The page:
In addition to the issues of underfunding there are broader implications for the manner in which the Administration has tackled Climate change. I was in Los Angeles earlier this year when California was subjected to record levels of sustained rainfall. Climate change is no longer just a scientific debate, or an abstract prospect for our children's children in the distant future. It is a manifest reality, now, that we can witness with our own eyes. And while there is no scientific proof that hurricane frequency is linked to global warming, environmental issues are clearly going to be the primary consideration as people search for a tangible explanation to such a terrible natural disaster.
But, there is a more pertinent criticism of the President being prominently expressed... his ability to stand up and give hope to those in need, leading the nation during such a tumultuous time of crisis and chaos.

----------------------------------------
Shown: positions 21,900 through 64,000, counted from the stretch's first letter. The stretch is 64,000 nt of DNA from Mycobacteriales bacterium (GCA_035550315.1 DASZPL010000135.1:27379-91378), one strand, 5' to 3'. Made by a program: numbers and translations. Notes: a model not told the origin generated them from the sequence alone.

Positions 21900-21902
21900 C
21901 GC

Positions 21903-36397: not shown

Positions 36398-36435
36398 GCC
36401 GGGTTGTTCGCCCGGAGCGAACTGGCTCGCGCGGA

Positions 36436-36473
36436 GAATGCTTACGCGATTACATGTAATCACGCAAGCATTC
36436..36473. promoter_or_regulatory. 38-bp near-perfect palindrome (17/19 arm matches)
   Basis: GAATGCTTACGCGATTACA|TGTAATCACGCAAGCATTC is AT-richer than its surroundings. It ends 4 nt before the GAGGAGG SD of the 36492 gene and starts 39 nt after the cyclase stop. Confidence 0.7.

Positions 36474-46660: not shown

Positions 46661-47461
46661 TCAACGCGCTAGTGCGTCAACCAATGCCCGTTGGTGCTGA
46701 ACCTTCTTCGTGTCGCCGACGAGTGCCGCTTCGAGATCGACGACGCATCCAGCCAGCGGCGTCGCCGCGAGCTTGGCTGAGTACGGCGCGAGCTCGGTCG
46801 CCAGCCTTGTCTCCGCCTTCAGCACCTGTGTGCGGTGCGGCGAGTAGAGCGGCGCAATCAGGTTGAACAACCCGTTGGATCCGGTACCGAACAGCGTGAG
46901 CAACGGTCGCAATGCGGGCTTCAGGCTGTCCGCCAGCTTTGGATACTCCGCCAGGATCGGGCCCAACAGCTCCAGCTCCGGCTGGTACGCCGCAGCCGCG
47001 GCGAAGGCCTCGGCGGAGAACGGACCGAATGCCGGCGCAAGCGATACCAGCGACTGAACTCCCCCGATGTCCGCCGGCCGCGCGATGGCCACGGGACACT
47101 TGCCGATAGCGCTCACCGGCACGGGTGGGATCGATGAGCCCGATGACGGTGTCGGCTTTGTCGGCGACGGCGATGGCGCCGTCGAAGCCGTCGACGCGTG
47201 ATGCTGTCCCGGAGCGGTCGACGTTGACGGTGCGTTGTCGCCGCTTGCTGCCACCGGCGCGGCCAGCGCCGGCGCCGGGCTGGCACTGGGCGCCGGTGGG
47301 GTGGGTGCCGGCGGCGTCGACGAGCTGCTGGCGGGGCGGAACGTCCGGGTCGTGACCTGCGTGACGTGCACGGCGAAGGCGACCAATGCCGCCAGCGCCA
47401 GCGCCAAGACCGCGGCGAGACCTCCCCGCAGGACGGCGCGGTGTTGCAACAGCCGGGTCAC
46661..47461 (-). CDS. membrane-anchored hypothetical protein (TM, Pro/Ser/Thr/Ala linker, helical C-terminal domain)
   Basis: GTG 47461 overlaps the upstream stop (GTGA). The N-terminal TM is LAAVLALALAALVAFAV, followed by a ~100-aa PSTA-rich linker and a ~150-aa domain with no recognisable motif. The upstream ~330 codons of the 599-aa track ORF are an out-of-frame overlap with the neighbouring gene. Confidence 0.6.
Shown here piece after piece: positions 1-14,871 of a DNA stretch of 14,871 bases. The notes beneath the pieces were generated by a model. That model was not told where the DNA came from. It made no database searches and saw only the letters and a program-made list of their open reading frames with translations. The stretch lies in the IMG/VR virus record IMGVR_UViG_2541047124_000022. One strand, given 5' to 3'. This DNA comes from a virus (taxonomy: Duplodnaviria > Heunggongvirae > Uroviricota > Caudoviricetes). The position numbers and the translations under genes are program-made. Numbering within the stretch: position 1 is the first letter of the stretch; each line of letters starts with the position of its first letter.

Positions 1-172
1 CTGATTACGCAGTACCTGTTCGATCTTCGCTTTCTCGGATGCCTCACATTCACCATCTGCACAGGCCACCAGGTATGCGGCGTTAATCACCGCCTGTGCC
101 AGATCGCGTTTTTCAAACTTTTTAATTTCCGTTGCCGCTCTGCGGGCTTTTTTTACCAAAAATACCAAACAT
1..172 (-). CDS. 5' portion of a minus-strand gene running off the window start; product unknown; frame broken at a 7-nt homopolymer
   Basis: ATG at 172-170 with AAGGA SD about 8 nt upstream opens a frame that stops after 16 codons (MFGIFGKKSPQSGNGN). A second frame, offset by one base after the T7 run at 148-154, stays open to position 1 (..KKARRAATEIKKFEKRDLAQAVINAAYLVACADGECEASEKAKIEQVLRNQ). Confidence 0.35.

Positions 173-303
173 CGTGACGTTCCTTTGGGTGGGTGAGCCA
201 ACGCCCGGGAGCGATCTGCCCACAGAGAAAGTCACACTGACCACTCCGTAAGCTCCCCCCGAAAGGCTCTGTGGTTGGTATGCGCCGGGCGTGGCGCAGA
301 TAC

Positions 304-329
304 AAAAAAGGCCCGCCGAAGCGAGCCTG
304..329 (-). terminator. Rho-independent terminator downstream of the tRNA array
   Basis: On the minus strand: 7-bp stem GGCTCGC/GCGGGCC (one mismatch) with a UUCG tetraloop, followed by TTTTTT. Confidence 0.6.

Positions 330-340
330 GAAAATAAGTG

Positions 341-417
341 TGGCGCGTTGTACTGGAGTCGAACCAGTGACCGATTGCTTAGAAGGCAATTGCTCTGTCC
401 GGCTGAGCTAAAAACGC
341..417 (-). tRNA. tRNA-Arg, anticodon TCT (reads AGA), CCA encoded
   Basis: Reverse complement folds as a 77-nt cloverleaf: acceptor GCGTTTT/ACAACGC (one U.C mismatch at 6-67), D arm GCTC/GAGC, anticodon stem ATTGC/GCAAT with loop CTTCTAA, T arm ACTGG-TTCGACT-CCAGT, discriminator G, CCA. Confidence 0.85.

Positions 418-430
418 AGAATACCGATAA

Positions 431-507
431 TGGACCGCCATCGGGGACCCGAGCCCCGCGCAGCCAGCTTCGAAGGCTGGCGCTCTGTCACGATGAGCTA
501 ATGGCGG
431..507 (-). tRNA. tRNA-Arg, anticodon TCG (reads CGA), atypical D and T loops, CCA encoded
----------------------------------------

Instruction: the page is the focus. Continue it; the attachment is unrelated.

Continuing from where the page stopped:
Many people do not recall that in the immediate aftermath of September 11th similar questions were being asked of George Bush. Former Republican Congressman and TV Host, Joe Scarborough, has famously stated that he seriously questioned whether the President was up to such a momentous task directly after the WTC attacks. At Bush's initial press conference he struggled to hold back tears that sent a message of vulnerability when people were looking to be strengthened by his resolve. A televised phone call with NY Governor Pataki, and Mayor Giulliani depicted the President dumbfounded and incoherent as Giulliani repeatedly seemed to be covering for the Commander in Chief's shortcomings.